Season 2, Episode 7
The Shoe Salesman
Steven Mabb is our guest on the show today. He’s a recent QAV Club subscriber but has been a full time investor for the last couple of years, since exiting a very successful footwear business.He and Tony compare notes about investing in International ETFs, why buying stock #201 is a good strategy, neobanks, shareholder associations, and cheap brokerage versus using a full service broker.
In our Club edition, our stock of the week is BPT (again). And we answer a question from Ange about what qualifies as a ‘recent positive upturn’. We also talk again about the decline of our portfolio in recent weeks due to the COVID-19 panic. Tony reminds us about Warren Buffett’s story about “Mr Market” in his 1987 letter to Berkshire Hathaway shareholders:
Ben Graham, my friend and teacher, long ago described the mental attitude toward market fluctuations that I believe to be most conducive to investment success. He said that you should imagine market quotations as coming from a remarkably accommodating fellow named Mr. Market who is your partner in a private business. Without fail, Mr. Market appears daily and names a price at which he will either buy your interest or sell you his.
Even though the business that the two of you own may have economic characteristics that are stable, Mr. Market’s quotations will be anything but. For, sad to say, the poor fellow has incurable emotional problems. At times he feels euphoric and can see only the favorable factors affecting the business. When in that mood, he names a very high buy-sell price because he fears that you will snap up his interest and rob him of imminent gains. At other times he is depressed and can see nothing but trouble ahead for both the business and the world. On these occasions, he will name a very low price, since he is terrified that you will unload your interest on him.
Mr. Market has another endearing characteristic: He doesn’t mind being ignored. If his quotation is uninteresting to you today, he will be back with a new one tomorrow. Transactions are strictly at your option. Under these conditions, the more manic-depressive his behavior, the better for you.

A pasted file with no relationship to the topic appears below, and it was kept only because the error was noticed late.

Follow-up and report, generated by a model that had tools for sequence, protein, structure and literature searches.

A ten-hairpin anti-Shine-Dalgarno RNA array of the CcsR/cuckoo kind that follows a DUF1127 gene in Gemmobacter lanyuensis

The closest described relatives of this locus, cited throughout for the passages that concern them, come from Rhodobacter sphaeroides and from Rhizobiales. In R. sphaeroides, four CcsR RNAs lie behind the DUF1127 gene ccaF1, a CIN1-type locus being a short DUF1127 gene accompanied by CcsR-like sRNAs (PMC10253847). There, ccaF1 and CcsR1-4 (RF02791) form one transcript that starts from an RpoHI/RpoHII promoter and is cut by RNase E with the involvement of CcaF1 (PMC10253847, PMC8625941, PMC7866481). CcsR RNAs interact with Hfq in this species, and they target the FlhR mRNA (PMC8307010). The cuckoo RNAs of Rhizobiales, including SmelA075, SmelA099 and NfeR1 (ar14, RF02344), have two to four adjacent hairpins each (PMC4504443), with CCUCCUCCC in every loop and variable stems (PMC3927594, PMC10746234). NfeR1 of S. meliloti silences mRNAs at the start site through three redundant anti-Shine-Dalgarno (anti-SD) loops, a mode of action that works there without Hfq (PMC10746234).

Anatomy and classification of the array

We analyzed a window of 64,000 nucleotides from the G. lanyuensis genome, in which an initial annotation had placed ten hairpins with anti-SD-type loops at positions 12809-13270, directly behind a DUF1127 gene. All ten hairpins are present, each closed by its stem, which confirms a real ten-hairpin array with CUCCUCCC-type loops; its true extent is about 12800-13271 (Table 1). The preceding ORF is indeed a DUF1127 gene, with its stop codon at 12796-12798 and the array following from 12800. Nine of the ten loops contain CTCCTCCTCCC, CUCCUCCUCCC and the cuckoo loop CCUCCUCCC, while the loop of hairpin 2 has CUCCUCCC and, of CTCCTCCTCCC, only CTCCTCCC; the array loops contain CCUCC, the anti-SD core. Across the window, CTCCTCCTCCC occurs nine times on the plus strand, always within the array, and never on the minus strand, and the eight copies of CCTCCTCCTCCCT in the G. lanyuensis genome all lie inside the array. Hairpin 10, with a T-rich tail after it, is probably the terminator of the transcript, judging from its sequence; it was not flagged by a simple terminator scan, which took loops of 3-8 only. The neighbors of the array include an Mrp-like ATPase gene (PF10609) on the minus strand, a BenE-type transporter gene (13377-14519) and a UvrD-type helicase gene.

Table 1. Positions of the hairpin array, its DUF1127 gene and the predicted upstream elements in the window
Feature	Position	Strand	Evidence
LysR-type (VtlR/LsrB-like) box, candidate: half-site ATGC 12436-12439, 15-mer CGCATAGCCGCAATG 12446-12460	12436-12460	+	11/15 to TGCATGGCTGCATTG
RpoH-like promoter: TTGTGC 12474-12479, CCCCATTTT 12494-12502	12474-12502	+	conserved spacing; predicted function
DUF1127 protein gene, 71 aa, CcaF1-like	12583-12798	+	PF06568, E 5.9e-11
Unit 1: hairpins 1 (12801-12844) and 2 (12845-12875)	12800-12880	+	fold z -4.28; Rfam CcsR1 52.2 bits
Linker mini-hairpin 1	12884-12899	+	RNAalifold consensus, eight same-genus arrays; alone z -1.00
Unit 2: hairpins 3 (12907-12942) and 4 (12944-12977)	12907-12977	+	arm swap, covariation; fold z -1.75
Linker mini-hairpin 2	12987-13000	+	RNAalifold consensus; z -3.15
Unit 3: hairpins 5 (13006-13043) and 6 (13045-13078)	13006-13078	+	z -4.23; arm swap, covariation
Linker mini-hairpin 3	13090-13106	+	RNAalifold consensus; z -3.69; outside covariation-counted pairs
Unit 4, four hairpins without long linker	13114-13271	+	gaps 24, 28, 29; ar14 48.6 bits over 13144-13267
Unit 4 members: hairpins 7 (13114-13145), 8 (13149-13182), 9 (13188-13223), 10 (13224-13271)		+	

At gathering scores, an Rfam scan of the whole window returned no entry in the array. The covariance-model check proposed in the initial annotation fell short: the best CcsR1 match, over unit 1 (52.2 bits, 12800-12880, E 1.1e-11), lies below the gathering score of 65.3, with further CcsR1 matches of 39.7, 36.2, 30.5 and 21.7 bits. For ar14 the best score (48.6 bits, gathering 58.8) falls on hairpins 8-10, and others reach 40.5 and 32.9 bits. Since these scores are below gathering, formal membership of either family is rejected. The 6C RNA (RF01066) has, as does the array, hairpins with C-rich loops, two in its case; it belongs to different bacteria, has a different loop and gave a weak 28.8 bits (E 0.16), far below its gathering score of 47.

But, like Cinderella at the ball, you must heed one warning or everything will turn into pumpkins and mice: Mr. Market is there to serve you, not to guide you. It is his pocketbook, not his wisdom, that you will find useful. If he shows up some day in a particularly foolish mood, you are free to either ignore him or to take advantage of him, but it will be disastrous if you fall under his influence. Indeed, if you aren’t certain that you understand and can value your business far better than Mr. Market, you don’t belong in the game. As they say in poker, “If you’ve been in the game 30 minutes and you don’t know who the patsy is, you’re the patsy.”
Ben’s Mr. Market allegory may seem out-of-date in today’s investment world, in which most professionals and academicians talk of efficient markets, dynamic hedging and betas. Their interest in such matters is understandable, since techniques shrouded in mystery clearly have value to the purveyor of investment advice. After all, what witch doctor has ever achieved fame and fortune by simply advising “Take two aspirins”?
The value of market esoterica to the consumer of investment advice is a different story. In my opinion, investment success will not be produced by arcane formulae, computer programs or signals flashed by the price behavior of stocks and markets. Rather an investor will succeed by coupling good business judgment with an ability to insulate his thoughts and behavior from the super-contagious emotions that swirl about the marketplace. In my own efforts to stay insulated, I have found it highly useful to keep Ben’s Mr. Market concept firmly in mind.
Following Ben’s teachings, Charlie and I let our marketable equities tell us by their operating results – not by their daily, or even yearly, price quotations – whether our investments are successful. The market may ignore business success for a while, but eventually will confirm it. As Ben said: “In the short run, the market is a voting machine but in the long run it is a weighing machine.” The speed at which a business’s success is recognized, furthermore, is not that important as long as the company’s intrinsic value is increasing at a satisfactory rate. In fact, delayed recognition can be an advantage: It may give us the chance to buy more of a good thing at a bargain price.
Tony (and Warren) has convinced me that one of the secrets of being a successful long-term value investor is to couple good business judgment together with insulating ourselves from the “incurable emotional problems” of Mr Market.
IF YOU WANT TO GET THE MOST OUT OF THE SHOW & LISTEN TO A MULTI-MILLIONAIRE INVESTOR TALK TO YOU ABOUT HOW HE THINKS ABOUT STOCKS FOR A FULL HOUR EVERY WEEK….
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Tony thinks the market is going through the “five stages of grief” and we debate which stage we are up to. He also talks about the “Coppock Curve” which suggests markets, like people, go through periods of mourning. Then we answer some of your questions about: the best way to set up a profile to trade, comparing full-service brokers to low-cost DIY options, how to treat companies with negative “net income “, what Tony thinks about Discounted Cash Flow calculations, his thoughts on the possibility of inflation in the next few years, whether or not he ever uses options, whether or not found he has found any companies with good scores lately, and what he thinks about Kathmandu
Part 2 of our “getting started” reboot. In this episode we get into the nitty-gritty of the checklist and the data sources we use.